This new problem continues to exist. In August 2003, bishop Vaclav Maly visited Belarus and returned with an alarming vision of the situation that he found. In his view, if Lukashenko’s regime is apparently less repressive than that of Cuba, in fact that is not the case, therefore we must support «the opposition and the civic initiatives [that] are weakened» [5]. Vaclav Maly is very well informed about the US interference networks in Central and Eastern Europe. He used to be an outstanding figure of the former Czech dissidence and one of the main protagonists of the «velvet revolution» that overthrew the pro-communist power at the end of the 1980’s, benefiting Vaclav Havel.

During the same period, several Czech deputies and senators made a request in relation to the Human Rights in Belarus.

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Monsignor Vaclav Maly

The Czech weekly publication Respekt published Prague’s official position on the matter: «The daring projects to establish a democracy in Iraq and the concerns about the nuclear Stalinism in North Korea seem to hide the Europeans the fact that a somber dictatorship still prevails in the old continent. Lukashenko’s Belarus already drags ten years of existence». These words remind us directly of the bishop’s words.

The «revolution» did not come into being

Washington’s arguments are vague [6], as well as the establishment of Non-Governmental Organizations and a new opposition. Only an electoral defeat is needed to stage a new coup d’état attempt. Especially when the success of the "rose revolution" in Georgia showed that the "popular" overthrow of governments that were hostile to Washington was an advantageous strategy. This consists on subsidizing an opposition to the existing government; then, on criticizing the electoral process a priori, above all, in a way of mobilizing the voters in the opposition list; then, in the event of an electoral defeat, on justifying the taking of power in the "street". This is somehow like in the game in which a decision is made by tossing up a coin: «if it is heads, I win; if it tails, you lose».

The US determination cannot be clearer. After declaring in Riga, Latvia that «the tyranny in Belarus will not last forever», Senator John McCain, president of the International Republican Institute (NED), said in the summer of 2004, in a report submitted to the Congress, that Lukashenko’s overthrow must not be achieved through the use of weapons but through «international pressure». Then he met in Riga with the leader of the Five Plus Opposition Group, Anatoly Lyabedzka, with the leader of the Belarusian Popular Front, Vintsuk Vyachorka; with the president of the recently dismantled Labor Party, Alyaksandr Bukhvostau, as well as with the children of activist Mijail Marinich, former ambassador of Belarus to Latvia, who was arrested in April 2004 [7].

This electoral defeat took place on October 17 2004. The Belarusian citizens were convened to go to the polls to a referendum that would authorize president Lukashenko to request a third term after reviewing the constitution. This reform was supported by 90% of the voters. This new victory of the Belarusian Head of State was unacceptable for Washington, which was convinced that the opposition to the «tyrant» was a majority. Nevertheless, a number of specialists in the region agreed on the fact that, since there was no credible opposition, Alexander Lukashenko was seen by the Belarusian population as the only leader capable of representing it. This was proved by the fact that the «popular» movements mobilized by the Belarusian NGO’s, thanks to the foreign financing, were not able to crack the established power, a need to resort to a wave of repression by the Government.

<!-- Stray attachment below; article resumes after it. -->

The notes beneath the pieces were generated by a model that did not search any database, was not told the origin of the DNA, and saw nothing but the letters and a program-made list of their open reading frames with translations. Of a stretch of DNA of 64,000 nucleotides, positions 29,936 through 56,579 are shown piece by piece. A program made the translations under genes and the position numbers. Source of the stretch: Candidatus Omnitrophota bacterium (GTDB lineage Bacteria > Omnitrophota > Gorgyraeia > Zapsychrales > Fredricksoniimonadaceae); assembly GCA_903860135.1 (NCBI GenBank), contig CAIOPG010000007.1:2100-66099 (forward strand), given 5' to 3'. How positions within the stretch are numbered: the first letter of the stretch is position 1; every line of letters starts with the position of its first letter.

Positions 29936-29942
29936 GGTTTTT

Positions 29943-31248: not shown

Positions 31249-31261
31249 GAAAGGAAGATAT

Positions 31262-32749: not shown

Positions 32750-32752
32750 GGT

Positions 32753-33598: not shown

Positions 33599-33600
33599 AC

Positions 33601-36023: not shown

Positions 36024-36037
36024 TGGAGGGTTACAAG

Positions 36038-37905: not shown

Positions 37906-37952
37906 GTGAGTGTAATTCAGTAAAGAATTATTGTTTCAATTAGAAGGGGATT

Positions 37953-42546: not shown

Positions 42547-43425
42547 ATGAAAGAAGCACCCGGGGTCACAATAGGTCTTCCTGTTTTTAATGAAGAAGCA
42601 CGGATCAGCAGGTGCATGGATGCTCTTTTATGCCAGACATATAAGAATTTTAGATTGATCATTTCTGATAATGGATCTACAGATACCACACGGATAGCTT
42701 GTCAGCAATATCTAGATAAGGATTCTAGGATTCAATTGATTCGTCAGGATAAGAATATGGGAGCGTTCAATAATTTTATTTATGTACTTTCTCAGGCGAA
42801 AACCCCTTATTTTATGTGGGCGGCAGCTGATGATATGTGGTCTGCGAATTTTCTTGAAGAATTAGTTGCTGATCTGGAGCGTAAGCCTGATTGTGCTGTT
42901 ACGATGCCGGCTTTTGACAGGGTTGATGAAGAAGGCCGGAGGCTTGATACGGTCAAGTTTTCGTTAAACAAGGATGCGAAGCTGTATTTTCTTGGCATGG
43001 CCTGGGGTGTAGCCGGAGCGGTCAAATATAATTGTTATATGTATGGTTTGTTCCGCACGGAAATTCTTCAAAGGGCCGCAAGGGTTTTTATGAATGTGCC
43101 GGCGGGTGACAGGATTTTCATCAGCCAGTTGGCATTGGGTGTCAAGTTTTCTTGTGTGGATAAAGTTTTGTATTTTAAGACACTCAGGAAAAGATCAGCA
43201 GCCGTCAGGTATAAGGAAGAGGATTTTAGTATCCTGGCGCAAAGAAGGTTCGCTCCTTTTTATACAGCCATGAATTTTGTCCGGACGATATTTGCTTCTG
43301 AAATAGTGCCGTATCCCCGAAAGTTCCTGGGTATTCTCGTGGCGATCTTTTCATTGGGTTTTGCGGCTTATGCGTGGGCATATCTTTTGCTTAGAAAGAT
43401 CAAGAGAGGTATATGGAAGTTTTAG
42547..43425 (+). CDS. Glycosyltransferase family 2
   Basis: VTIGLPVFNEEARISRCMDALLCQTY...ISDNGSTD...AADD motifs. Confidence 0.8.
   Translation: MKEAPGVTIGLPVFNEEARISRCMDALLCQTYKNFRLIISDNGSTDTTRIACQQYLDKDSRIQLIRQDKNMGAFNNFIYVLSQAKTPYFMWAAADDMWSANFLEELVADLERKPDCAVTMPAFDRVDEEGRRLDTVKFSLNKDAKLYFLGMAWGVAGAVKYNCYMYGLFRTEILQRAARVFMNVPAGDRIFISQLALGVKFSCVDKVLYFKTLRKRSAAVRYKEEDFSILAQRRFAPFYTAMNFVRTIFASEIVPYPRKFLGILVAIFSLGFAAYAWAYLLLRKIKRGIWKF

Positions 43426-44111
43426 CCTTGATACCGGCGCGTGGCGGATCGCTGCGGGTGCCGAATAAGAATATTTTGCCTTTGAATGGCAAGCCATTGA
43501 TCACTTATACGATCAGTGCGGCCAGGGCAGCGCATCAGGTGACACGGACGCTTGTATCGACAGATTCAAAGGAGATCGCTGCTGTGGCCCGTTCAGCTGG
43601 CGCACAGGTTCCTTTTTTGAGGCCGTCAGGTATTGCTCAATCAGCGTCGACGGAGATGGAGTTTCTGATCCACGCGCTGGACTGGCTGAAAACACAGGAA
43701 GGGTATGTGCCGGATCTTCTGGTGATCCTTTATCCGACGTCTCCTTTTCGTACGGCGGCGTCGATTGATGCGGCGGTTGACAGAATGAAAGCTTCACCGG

This broad support to Alexander Lukashenko is very easy to explain: the Belarusians witnessed how the standards of living of their Russian neighbors declined when Boris Yeltsin "liberalized" the country. They don’t believe in the western illusion and they want to avoid this painful experience in their country. It is not easy for them to adapt to their president’s authoritarianism, but they thank him for having maintained the achievements of the socialist period. They also appreciate his ability to keep good relations with Russia and, despite the appearances, to increasingly benefit from these relations.

For example, 99% of the natural gas supply comes from Russia and this is for a national consumption of nearly 18 billion cubic meters of natural gas per year. It is essentially imported from the Gazprom Company, which is mainly controlled by the Russian State. In February 2004, Gazprom increased its prices, and Lukashenko refused to pay the balance to Moscow. As a result, Gazprom shut down the supply. The following day, Lukashenko, being upset but realistic, decided to pay [8]. However, this was not a real retreat; it was in fact a very well thought step to obtain major advantages.

Belarus is, in fact, the second possible channel for the future and massive exports of natural gas from Russia to Europe [9]. The production of natural gas in Europe, after having reached its pick practically, should experience a brutal decrease soon [10]. After having seen the US pressure on Ukraine, Belarus can wait, maintaining relations of trust with Moscow, to serve as a channel for the gas exports and to make billions of dollars to obtain the transit rights.